Part 4 of the New York Times' series takes readers inside the indoctrination process
FORTUNE — If you’ve ever wondered what kind of training is required to get Apple employees to behave the way they do at the opening of a new retail outlet or the launch of a new iPhone — whooping, hollering and tearing around the shopping mall — David Segal’s front-page story in Sunday’s New York Times offers some clues.
The piece, Part 4 in the paper’s puzzling series about the company, begins like the others — setting Apple up as the exemplar of all that is wrong with the companies that make up the “iEconomy”: avoiding taxes, exporting jobs, exploiting Chinese workers and, in this piece, creating dead-end jobs in retail sales.
Like the others, the story is well reported and relatively balanced. But it suffers from the same basic flaw: Having chosen to focus on Apple AAPL because the company is so high profile and sure to draw page views, the reporting leads readers to the conclusion that Apple’s policies are not as evil as the set-up implies and in fact are better than most of Apple’s competitors’.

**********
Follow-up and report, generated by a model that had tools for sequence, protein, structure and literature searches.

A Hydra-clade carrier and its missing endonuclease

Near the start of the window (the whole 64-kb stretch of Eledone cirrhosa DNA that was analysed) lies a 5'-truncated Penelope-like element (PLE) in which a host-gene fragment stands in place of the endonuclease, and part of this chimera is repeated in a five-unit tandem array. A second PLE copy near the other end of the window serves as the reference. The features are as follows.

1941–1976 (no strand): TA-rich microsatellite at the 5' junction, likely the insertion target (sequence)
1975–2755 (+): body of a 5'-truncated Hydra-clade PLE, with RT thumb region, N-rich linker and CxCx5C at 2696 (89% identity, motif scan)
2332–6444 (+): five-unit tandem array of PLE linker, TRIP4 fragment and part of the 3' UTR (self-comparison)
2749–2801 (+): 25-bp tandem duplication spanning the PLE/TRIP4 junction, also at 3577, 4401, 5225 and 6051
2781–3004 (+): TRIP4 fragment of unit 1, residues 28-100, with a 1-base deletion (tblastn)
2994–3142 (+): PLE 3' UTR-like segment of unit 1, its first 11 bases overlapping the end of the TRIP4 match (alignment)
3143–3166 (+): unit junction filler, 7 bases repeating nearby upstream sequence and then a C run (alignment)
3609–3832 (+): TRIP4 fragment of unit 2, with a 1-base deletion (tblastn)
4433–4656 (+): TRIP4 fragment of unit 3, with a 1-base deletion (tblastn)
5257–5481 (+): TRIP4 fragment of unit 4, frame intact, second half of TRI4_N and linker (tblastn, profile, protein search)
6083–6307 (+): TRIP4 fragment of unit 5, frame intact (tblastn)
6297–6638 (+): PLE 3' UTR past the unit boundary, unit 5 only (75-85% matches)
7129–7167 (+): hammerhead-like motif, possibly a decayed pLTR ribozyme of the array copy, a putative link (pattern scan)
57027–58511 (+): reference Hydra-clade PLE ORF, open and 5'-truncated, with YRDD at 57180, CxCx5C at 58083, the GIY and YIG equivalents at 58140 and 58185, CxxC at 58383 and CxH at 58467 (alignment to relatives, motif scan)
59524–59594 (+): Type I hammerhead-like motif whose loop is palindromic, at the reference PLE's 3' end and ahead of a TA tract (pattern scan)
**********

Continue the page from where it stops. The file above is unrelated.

In this case, the $11.25 an hour entry-level Apple Store employees make (not counting the raises Apple handed out just before the Times‘ story appeared) is considerably higher than minimum wage ($7.25), better than the Gap, and nearly as high as the best-paying retail outlet Segal was able to find: Lululemon, a yoga and athletic apparel chain where sales staff earn about $12 an hour.
“Nickel and Dimed” — Barbara Ehrenreich’s 2001 undercover expose about the life of Wal-Mart’s working poor — this is not.
But it does take readers deeper inside the Apple retail indoctrination process than anything I’ve read before, including this key section:
For anyone who has wondered how Apple Stores do what they do, or considered applying for a job at one, Segal’s piece is a must-read. You can get it here.